Recently, a Cape Charles Mirror reader submitted these comments, “I know the tourists bring money, and they help the local businesses, but sometimes I wonder if we need them…is this a good bargain for us? Sometimes I don’t blame them, they are on vacation, they are spending their money, so it makes sense they might be ‘all about them’, and be kind of selfish, and just walk by and never any eye contact, or a hello. That’s just the nature of it, but it’s hard when it happens…in your home town, and where you sometimes feel like a second class citizen in your own town. Some things just set you off…the other night at the Experimental Film show at the theatre, and yes it was packed, but we’re sitting next to these ‘people’ who were obviously from out of town, and they started complaining right from the beginning…it was too hot, the place was ‘old and musty’, the service at the bar was horrendous, etc.). I let it go for a while, but when …before the films, when they were announcing things that had happened over the last few weeks, such as how the young dancers and interns did so much to help make the films, and they cheered for each other, this woman just kept saying, ‘Oh these people…they’re so…oh, these people’. I finally had to turn to her and say, ‘You know, these people come here from all different places, come here to make films, and yes, they are young and fun and exuberant…if you don’t like it, there are a lot of people that would like your seat right now.’ She just sneered and turned away from me.”
While the film encounter is somewhat extreme, the general gist is not out of the ordinary. But from the visitor’s perspective, as the reader noted above, if you have worked hard, and you go to a place for vacation, spending money, you are there for your enjoyment and relaxation. That’s all–having to integrate into the community you are visiting is not a requirement. It is what it is. Watching folks enjoying and loving Cape Charles, kids riding around town on skateboards, or families on bikes and golf carts on their way to watch a movie at a beautiful, historic theater is great to see–these simple, fun, small town joys are things they probably never get to do back home, and you can see the enjoyment on their faces.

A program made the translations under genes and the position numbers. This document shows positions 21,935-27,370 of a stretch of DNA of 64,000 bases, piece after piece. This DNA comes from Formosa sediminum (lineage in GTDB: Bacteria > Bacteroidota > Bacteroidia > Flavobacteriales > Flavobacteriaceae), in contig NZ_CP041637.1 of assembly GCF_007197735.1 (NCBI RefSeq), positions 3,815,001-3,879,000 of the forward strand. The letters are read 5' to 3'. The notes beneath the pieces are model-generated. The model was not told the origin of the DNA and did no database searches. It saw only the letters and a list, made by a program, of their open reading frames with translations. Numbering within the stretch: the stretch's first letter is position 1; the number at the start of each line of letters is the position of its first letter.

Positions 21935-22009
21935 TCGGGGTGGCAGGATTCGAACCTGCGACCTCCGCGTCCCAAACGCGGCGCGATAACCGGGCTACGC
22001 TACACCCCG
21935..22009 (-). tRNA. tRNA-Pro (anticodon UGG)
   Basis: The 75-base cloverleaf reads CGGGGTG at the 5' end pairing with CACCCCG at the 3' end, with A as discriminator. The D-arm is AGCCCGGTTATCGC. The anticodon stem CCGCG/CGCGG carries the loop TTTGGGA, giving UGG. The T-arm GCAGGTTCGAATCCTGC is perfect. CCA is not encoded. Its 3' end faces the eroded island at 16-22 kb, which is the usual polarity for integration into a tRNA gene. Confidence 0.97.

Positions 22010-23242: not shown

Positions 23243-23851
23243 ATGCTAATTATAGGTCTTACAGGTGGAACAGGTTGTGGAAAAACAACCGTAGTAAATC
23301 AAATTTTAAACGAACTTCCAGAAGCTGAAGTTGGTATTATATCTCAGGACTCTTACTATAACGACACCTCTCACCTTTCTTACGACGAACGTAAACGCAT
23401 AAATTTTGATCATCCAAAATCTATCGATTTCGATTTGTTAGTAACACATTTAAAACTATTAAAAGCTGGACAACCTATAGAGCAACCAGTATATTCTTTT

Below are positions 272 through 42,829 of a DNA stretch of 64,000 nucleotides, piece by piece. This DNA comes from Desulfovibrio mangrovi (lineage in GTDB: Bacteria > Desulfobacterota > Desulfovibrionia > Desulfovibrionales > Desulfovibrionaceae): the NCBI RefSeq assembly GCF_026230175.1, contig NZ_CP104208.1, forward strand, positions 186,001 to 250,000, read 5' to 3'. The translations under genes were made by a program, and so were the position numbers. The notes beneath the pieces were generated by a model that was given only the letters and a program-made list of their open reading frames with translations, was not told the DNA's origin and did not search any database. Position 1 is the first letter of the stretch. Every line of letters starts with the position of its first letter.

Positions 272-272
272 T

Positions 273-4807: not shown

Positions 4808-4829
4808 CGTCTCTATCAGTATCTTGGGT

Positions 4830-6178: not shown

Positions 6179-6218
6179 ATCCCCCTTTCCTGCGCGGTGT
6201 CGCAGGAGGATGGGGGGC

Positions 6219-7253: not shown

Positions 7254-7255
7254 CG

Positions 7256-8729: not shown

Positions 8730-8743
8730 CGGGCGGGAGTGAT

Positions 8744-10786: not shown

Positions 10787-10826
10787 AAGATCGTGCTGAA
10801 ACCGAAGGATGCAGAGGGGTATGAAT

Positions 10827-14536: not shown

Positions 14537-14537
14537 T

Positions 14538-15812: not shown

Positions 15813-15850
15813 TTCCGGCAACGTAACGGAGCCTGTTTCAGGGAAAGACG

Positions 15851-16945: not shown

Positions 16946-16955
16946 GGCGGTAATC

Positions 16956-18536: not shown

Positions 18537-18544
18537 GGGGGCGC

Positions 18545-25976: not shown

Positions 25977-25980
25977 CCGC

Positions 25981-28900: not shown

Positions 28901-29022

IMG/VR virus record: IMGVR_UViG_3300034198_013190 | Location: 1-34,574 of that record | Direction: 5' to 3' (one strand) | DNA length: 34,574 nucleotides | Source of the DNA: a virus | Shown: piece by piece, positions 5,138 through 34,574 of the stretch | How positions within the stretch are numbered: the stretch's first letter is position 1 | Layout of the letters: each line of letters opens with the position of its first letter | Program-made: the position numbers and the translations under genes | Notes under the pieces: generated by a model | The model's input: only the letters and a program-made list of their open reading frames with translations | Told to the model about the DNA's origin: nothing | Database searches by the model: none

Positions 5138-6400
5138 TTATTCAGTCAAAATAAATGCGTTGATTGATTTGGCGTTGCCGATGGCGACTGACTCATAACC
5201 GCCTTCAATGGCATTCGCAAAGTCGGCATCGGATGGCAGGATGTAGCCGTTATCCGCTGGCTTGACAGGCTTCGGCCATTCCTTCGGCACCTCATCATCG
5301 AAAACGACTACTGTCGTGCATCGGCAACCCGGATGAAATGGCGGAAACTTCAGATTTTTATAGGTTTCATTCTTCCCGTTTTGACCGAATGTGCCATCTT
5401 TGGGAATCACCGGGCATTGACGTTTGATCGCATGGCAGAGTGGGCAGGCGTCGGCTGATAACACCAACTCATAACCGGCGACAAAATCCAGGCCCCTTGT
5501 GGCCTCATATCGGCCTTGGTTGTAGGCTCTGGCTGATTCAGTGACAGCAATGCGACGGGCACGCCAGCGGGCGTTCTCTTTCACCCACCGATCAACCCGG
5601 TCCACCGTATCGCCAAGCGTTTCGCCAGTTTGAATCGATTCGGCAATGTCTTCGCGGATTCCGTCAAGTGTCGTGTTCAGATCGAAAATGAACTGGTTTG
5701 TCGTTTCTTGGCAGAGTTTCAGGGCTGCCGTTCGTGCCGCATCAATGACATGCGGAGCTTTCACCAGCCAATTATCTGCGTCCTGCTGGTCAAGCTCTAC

Still, for locals, there will always be a love-hate relationship with tourists. Yes, we know, their presence increases economic growth, generates employment, income and tax revenue and is the preferred path for regional development. On the flip side, is it selling out the local, historical culture? What is the environmental impact? The increased infrastructure needed to maintain this lifestyle has already pushed costs skyward, with the town budget pushing ever closer to the $8 million mark. Taxes and fees must increase to keep pace, all the while providing downward pressure on folks struggling with fixed incomes.
Despite the initial upside, is it really just a Faustian bargain?
Enter your comments below, we would love to get a pulse on just what folks are feeling about this.